Emotion, understanding fuel Stringer’s solid play


Colin Tate

It was a wet Saturday afternoon in Norfolk, Virginia, midway through the second quarter of Appalachian State’s matchup against Old Dominion. The Monarch’s quarterback Shuler Bentley dropped back to pass, wound up to throw, and the ball slipped out of Bentley’s hands, rolling right into sophomore linebacker Devan Stringer’s chest.

Stringer took care of the rest.

“I seen the ball squirt out, so the first thing I could think was scoop and score,” Stringer said. “That’s all I thought. I gotta give shouts out to the other 10 guys. They were behind me blocking and Latrell [Gibbs] was trying to chase me down. It gave me a little extra boost on the run.”

Stringer would take the ball 77 yards to the end zone to extend the Mountaineer lead to 21 on their way to a 49-0 win over the Monarchs.

That was one of many impact plays that Stringer has made for the defense so far this season. In six games, Stringer has tallied 25 total tackles, three tackles for loss, a sack, and the aforementioned fumble recovery touchdown.

Stringer said he believes his understanding has improved, and that has allowed him to make more plays.

“Now that I’m actually more acclimated with the position, I’m comfortable enough to go to the next level,” Stringer said. “I don’t have to think ‘OK, what am I supposed to do?’ I can think ‘Hey, I know what I got to do. Now, what’s the offense doing?’”

Stringer’s speed is another tool he has put to good use this season.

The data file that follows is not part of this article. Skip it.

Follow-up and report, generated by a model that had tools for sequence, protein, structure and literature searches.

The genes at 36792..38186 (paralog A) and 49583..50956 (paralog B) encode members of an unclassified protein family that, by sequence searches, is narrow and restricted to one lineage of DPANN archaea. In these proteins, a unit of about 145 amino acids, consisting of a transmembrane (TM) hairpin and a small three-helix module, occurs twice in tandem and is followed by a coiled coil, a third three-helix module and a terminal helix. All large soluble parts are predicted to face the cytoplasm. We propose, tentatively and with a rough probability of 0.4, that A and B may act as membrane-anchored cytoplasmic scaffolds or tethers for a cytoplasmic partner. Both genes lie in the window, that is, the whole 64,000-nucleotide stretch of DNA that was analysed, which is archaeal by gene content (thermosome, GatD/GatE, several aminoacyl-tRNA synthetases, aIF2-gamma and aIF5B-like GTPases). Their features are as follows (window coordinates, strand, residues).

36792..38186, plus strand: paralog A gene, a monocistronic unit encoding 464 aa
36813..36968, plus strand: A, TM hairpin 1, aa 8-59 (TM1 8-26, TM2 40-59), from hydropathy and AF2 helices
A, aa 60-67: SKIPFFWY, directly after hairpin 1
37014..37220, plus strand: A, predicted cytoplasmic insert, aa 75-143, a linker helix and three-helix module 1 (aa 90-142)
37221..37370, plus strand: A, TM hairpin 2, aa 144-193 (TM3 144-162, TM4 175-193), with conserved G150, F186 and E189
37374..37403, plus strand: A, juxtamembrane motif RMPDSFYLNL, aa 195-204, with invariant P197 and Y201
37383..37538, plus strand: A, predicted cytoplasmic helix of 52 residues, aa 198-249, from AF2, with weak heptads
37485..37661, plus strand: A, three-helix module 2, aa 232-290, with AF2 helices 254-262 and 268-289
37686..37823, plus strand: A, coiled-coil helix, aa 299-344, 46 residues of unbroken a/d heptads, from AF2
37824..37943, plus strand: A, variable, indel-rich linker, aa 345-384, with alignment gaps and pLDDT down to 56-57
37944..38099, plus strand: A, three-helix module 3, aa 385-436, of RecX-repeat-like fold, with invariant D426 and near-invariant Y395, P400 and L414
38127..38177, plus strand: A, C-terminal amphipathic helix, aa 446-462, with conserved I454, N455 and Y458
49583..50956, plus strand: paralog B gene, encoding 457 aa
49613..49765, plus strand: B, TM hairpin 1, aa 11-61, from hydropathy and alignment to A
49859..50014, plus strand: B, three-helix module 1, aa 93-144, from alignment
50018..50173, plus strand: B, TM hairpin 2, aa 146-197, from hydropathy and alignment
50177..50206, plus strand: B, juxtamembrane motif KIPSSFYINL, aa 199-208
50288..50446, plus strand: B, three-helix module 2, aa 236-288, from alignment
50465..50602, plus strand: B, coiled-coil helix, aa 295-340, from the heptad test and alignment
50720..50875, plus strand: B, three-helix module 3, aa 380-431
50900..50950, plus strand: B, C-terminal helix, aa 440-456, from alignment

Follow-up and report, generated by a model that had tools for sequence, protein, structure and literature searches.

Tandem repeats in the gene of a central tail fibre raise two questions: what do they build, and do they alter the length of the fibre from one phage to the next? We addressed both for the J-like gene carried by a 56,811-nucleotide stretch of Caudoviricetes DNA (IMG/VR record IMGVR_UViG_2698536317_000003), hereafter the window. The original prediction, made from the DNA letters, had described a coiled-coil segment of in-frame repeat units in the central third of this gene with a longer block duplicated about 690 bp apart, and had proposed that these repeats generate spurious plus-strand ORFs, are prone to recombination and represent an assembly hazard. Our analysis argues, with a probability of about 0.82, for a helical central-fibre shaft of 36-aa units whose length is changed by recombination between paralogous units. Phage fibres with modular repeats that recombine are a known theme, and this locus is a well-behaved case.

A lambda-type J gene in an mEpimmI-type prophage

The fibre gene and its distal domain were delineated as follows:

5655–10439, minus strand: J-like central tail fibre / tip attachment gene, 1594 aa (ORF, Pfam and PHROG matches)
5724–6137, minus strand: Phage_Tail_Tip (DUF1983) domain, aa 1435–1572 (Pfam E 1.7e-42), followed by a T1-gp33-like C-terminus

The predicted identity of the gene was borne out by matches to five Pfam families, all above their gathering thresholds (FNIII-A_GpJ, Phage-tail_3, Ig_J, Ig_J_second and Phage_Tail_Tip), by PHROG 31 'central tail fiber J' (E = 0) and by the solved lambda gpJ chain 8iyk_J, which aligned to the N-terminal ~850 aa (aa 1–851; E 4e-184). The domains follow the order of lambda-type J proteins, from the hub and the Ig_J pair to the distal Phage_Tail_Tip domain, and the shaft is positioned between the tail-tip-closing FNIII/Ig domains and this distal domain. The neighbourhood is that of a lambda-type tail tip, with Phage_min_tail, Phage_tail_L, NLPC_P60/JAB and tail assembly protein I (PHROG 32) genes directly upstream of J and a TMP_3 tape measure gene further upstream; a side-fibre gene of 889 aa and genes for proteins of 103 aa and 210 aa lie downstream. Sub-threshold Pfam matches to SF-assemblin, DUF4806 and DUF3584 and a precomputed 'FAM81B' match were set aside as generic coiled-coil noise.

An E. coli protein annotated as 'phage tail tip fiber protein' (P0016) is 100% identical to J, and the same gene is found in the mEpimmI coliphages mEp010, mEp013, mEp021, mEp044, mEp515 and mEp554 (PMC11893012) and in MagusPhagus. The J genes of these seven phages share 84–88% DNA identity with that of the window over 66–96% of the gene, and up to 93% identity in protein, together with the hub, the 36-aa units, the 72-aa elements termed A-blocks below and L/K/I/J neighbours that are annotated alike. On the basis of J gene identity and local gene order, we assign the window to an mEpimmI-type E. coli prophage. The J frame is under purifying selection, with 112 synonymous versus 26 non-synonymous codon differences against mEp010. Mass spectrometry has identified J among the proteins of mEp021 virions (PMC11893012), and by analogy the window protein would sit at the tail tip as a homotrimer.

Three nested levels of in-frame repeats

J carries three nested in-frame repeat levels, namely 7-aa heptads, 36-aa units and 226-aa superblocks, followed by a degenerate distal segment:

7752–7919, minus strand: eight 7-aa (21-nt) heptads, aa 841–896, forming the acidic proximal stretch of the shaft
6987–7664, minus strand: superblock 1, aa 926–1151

“It allows him to help us in coverage as well as rush the passer,” junior linebacker John Law said. “His speed allows him to beat blocks and pick up that fumble and go all the way to the end zone.”

Law has seen firsthand how fast Stringer, who was a running back in high school, truly is.

“I was actually happy he picked it up and not me, because I knew he had the speed to go all the way,” Law said.

Another trait that has led to Stringer’s improved play is his emotion. While away from football, Stringer said he considers himself laid back, but once he hits the field it is a different story.

“I just wear my heart on my sleeve, and I let everything hang out because I’m with my brothers,” Stringer said.

In the Mountaineers 31-13 victory over Wyoming earlier this season, Stringer’s emotions were more obvious than ever after the defense allowed the first of two touchdowns.

“It just makes me so mad when another team scores, because I know how hard we really push ourselves during the week,” Stringer said. “I feel like nobody should have a chance to score on us. Period.”

Stringer’s energy and emotional nature have had a positive effect on his teammates.

“He’s definitely one of them that brings passion to the game,” Law said. “That fuels us.”

Head coach Scott Satterfield said that he wants his players to be emotional but not to let it affect their play on the field.

“We go out there and play hard every single snap,” Satterfield said. “You’re going to have ups and downs in a game, but you have to stay even keel. We want our kids to play with emotion, and he’s that way. Really, our whole team’s that way.”

For Stringer, his life away from football has been much more emotional than he planned.

Earlier this season, Stringer’s 11-day-old daughter, Noelle Marie Stringer, passed away. Afterward, Stringer quickly turned his focus back to football, not missing a game.

“He wanted some sort of normalcy in a quick way, so we were able to give that to him,” Satterfield said. “Our players support him. We support each other. It’s a family atmosphere here, and it’ll always be that way. He’s a good person, a good player and we’ll continue to be there for him.”

Stringer said that the team and the university have been an outstanding help.

“It means so much to me and my family how much they helped us out,” Stringer said. “I don’t know where I would be without the App State family, so my heart goes out to them. I’ve been very thankful.”

Story by: Colin Tate, Sports Reporter